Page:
Ace Fantasy (2008)
I came late to falling in love with Robin McKinley. I have no idea how I managed to never read one of her books until last year, but once I did, I was hooked. When I stumbled across Dragonhaven on the front table at a favourite bookstore just before Christmas, I couldn’t resist it, even though my bags to go on holidays already bulged with books to read and review. I’m so pleased I made the impulse buy.
This little paperback is densely packed – the 338 page count is misleading because the typesetting is very small (although still readable), which meant I got a much longer read than I expected. Dragonhaven is also young adult, which is not at all evident from the cover, although it is not unexpected from McKinley, who tends to write in a highly accessible manner, neither patronising nor pandering to YA conventions but still hitting YA buttons.
McKinley has a wonderful storytelling range, for while she may be known for her fascinating retellings of fairytales, she has also written excellent high fantasy and fascinating vampires. In Dragonhaven, as the name suggests, she takes on dragons, but in a modern, real world setting.
Main character and first person narrator Jake is fourteen when the events of the story really begin, although as the novel is written as an autobiography of a sort, the narration does cover ground before that time. He is the only child of the chief administrator of Smokehill National Park, one of only three remaining dragon sanctuaries in the world. Yes, dragon sanctuaries. Discovered 200 years earlier in outback Australia (and yes, McKinley gets bonus points from me for the Australian elements!), dragons had been hunted almost to extinction.
Eighty years prior to the events in the book, one man in the USA started a haven to house some dragons where, despite the vastly different climate, the dragons managed to survive. However, while Smokehill is a place to not only preserve but also study the creatures, very few people ever see them, and very little is known about dragons in general. In addition, Smokehill is constantly struggling for funding and, since the disappearance and death of Jake’s mother two years previously, Jake’s life has not been all that great. Then, on his first solo hike in the wilderness of the park, Jake comes across a dying dragon, shot by a poacher who she then killed in self defence. And with her lie her newborn baby dragons. All dead, except one.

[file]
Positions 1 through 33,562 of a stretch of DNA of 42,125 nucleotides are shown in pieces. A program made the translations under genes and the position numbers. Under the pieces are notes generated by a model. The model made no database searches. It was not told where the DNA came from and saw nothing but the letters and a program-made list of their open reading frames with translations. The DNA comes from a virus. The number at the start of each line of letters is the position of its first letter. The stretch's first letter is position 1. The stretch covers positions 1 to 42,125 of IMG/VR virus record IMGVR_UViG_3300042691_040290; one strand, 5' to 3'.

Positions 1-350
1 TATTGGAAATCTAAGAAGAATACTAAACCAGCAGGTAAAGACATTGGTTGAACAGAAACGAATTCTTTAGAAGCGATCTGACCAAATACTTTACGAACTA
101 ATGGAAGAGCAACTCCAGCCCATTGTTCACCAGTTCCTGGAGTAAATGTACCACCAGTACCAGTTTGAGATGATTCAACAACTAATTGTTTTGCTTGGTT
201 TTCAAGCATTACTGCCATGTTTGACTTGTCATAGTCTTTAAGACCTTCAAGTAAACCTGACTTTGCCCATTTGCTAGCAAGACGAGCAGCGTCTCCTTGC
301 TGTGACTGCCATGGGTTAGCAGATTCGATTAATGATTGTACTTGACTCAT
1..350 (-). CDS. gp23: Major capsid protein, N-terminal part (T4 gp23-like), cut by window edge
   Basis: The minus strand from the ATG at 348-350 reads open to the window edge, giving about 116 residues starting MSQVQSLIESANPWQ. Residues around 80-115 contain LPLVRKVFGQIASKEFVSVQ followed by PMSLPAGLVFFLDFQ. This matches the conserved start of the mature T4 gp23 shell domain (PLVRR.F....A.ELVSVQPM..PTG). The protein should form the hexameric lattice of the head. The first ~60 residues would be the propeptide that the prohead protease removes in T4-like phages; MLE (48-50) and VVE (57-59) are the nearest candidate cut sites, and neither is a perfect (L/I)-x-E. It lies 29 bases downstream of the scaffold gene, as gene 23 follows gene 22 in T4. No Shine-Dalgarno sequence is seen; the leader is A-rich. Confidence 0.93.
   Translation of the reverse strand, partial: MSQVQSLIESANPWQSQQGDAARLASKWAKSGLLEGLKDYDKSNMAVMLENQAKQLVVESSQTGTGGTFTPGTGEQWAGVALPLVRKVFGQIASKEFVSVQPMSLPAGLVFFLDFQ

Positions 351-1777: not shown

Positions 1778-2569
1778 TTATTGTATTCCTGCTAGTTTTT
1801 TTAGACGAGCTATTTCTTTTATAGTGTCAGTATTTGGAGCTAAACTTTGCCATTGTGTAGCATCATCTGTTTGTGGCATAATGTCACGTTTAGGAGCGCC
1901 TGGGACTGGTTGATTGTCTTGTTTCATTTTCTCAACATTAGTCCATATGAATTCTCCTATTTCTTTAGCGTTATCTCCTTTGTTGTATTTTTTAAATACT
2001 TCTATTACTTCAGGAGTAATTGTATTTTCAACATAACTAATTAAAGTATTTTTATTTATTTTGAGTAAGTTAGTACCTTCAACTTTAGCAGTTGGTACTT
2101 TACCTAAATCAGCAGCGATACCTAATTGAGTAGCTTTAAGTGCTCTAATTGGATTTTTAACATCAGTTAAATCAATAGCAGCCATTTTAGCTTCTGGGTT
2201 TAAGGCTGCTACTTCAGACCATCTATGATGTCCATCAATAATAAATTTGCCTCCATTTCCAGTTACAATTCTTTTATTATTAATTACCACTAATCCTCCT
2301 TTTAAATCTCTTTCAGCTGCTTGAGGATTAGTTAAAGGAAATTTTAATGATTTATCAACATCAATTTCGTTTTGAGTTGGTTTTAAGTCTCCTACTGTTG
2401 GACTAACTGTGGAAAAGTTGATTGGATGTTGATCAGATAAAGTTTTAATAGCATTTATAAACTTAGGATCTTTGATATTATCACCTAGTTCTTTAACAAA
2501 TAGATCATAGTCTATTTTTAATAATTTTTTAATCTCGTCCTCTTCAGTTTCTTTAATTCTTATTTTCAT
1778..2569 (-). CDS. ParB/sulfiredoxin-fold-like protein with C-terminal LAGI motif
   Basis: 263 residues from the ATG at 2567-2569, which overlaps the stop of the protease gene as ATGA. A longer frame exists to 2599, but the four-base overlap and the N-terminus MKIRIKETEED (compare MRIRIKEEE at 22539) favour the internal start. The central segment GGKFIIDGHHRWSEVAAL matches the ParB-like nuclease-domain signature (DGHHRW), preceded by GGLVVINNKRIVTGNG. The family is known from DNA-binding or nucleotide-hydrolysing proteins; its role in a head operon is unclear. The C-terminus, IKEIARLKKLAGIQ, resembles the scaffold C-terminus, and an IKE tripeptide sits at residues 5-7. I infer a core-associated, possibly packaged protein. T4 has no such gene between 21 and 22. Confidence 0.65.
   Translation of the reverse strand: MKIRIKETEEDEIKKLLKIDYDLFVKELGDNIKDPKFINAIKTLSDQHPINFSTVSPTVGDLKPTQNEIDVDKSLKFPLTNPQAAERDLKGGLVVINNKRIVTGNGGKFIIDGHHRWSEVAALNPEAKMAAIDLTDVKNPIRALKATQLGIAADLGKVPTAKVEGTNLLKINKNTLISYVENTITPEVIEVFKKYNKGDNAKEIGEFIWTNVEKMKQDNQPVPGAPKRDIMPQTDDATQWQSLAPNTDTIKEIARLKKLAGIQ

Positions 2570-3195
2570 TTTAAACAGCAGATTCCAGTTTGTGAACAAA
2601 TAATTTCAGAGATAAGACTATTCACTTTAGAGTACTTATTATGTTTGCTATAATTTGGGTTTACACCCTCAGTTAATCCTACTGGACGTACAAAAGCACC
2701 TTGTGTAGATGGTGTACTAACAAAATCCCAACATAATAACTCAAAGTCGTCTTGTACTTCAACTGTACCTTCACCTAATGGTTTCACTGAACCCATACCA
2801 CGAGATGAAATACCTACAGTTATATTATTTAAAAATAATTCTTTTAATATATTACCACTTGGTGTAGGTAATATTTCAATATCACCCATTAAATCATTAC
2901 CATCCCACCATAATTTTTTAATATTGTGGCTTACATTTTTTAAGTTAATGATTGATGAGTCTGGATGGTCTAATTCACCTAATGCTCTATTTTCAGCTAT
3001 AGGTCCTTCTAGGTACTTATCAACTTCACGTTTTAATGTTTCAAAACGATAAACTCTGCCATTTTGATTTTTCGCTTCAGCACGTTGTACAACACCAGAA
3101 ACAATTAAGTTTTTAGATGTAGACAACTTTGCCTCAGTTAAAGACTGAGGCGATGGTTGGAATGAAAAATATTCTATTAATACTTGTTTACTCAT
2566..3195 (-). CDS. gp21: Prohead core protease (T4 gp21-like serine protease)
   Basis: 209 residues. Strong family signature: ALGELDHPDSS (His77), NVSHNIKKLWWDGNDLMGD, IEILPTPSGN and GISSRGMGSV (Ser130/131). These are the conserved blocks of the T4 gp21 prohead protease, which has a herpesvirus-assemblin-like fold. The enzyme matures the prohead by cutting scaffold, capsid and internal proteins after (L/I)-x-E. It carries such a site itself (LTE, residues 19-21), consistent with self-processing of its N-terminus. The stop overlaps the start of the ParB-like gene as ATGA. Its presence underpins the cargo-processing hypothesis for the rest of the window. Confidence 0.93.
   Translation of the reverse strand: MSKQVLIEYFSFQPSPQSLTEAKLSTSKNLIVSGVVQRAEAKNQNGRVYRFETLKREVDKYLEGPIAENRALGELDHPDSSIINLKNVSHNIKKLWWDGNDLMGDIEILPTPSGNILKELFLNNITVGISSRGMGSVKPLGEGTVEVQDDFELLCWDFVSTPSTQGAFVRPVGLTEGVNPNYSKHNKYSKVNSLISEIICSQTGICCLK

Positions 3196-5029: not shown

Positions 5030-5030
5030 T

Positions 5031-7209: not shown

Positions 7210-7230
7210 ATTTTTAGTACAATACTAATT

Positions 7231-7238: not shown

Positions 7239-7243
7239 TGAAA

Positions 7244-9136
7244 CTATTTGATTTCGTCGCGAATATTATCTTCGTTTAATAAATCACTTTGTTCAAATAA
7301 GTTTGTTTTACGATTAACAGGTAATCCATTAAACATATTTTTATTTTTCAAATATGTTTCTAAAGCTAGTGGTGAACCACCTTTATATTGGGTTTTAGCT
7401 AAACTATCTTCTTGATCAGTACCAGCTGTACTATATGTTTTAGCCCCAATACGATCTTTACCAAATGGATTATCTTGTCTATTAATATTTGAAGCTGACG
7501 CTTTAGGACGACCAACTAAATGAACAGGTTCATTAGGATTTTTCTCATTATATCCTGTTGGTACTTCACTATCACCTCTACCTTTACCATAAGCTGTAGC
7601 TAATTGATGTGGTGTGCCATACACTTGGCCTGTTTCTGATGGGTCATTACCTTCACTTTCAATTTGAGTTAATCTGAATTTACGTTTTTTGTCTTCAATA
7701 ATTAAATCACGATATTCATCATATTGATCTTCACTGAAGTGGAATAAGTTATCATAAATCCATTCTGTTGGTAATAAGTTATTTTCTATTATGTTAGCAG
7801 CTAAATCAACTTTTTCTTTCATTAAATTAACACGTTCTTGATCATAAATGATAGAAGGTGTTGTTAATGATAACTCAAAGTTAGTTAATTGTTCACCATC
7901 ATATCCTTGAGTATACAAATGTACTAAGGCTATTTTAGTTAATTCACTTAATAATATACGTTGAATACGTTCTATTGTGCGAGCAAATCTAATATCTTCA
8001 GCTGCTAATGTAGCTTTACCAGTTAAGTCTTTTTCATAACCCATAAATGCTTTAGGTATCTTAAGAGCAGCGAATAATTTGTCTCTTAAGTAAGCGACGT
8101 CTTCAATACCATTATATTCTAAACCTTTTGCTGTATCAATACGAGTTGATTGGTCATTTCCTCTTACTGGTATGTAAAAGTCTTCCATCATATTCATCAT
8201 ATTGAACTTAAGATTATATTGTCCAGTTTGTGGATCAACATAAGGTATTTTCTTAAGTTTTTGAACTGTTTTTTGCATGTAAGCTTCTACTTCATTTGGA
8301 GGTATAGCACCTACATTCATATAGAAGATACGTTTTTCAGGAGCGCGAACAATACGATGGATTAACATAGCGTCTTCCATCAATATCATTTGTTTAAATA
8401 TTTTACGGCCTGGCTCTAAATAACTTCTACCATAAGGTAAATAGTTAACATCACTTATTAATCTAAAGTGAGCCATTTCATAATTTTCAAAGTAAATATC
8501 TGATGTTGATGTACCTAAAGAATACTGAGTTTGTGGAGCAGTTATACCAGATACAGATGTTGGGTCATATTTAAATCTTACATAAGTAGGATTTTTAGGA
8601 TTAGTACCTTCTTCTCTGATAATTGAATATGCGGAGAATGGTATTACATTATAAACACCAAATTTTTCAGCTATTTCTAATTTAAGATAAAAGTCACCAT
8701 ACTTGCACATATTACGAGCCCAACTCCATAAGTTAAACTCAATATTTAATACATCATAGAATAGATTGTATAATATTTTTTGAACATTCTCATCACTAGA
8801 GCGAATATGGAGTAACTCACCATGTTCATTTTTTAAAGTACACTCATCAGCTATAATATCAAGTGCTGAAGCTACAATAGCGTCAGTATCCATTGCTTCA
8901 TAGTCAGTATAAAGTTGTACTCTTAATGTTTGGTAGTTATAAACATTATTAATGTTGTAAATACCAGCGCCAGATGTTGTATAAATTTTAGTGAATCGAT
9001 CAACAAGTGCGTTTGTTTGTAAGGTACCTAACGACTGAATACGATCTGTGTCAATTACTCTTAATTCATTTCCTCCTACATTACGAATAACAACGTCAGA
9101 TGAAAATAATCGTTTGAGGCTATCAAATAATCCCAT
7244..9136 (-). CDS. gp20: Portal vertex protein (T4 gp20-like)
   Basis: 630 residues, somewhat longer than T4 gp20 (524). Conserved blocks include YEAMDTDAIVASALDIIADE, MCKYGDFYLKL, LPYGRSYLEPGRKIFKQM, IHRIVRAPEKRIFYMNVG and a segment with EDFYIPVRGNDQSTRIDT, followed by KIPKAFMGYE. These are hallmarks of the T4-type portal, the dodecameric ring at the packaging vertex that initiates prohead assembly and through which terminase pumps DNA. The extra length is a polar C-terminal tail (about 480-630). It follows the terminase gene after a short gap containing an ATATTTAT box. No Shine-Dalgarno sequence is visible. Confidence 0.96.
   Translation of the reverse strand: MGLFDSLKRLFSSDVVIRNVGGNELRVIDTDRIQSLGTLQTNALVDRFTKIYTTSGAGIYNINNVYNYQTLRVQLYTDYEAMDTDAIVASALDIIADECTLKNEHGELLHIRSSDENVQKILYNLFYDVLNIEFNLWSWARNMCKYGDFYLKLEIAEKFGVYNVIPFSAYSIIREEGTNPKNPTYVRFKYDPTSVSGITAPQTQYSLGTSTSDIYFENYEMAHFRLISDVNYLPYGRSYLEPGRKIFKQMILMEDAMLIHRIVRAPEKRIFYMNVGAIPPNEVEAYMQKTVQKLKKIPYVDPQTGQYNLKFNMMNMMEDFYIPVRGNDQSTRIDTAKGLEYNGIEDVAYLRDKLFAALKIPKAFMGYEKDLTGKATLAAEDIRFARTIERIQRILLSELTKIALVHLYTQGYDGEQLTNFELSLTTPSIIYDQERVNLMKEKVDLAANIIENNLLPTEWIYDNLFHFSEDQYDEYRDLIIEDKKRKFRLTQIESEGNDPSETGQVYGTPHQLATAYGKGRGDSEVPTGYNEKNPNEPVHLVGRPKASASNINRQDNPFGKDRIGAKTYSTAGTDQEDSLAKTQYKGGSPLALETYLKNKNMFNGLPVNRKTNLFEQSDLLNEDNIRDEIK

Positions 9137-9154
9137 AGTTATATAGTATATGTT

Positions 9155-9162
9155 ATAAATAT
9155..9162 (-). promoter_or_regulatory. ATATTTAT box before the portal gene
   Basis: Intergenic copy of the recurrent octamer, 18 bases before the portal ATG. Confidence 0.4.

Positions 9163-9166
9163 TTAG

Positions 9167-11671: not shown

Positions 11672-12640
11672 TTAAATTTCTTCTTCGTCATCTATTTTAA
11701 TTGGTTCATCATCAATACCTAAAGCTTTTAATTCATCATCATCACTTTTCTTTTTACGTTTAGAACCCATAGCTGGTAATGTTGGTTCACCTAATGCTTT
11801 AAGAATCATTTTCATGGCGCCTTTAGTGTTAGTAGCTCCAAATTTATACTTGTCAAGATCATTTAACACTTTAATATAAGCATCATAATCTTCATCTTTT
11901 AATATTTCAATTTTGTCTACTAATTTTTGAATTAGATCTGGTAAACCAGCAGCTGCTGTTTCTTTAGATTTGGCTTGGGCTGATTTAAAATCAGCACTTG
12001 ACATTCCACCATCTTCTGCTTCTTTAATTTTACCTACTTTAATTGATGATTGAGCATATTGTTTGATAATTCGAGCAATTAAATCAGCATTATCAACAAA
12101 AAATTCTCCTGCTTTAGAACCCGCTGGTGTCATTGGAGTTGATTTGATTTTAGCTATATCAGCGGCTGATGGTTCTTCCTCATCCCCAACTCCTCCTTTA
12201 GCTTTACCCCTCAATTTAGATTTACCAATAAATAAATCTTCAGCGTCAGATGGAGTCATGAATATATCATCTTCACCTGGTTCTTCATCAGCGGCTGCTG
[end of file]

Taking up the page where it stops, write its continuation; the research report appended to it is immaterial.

The frenetic style of storytelling McKinley uses in Dragonhaven is startlingly different from her usual elegant prose, but works exceptionally well. As a reader, you really “hear” Jake’s voice as he tells the tale, and feel the tension of the situations, both immediate and ongoing. The pressure of the fight to keep the baby dragon (who he names Lois) alive, and then the struggles to a) stay sane while battling sleep deprivation, burns and stress over doing something that has never been done before and is highly illegal; b) keep Lois secret from investigators, tourists and the world at large; and, c) standing by while everyone else at Smokehill tries to weather the storm of the poacher’s death and the subsequent investigations, certainly take their toll on Jake, and this is fully realised through the style of writing.
I was absolutely engrossed in this book – I had no idea where McKinley would take the story and I desperately wanted to find out. The writing was intense, and while it was at times challenging to keep track of time frames, and in some ways was very stream-of-conscious-like, this made sense in the overall story and added to the believability of the story. By the end, I would not have been surprised to find there really is a dragon sanctuary in remote USA, the scene setup is that real, in which dragons are an exotic species that stayed hidden from most of humanity for thousands of years by dint of their location.
Jake’s journey in raising Lois is heart-warming, funny, sad and sweet. I wasn’t completely sold on his characterisation at the very beginning of the book, but it soon stabilised and was logical in terms of the situation.
If you are looking for Deerskin or Rose Daughter or even Sunshine from this book, you won’t find it, but McKinley has done a wonderful and innovative job on a well-worked trope. Two thumbs way up!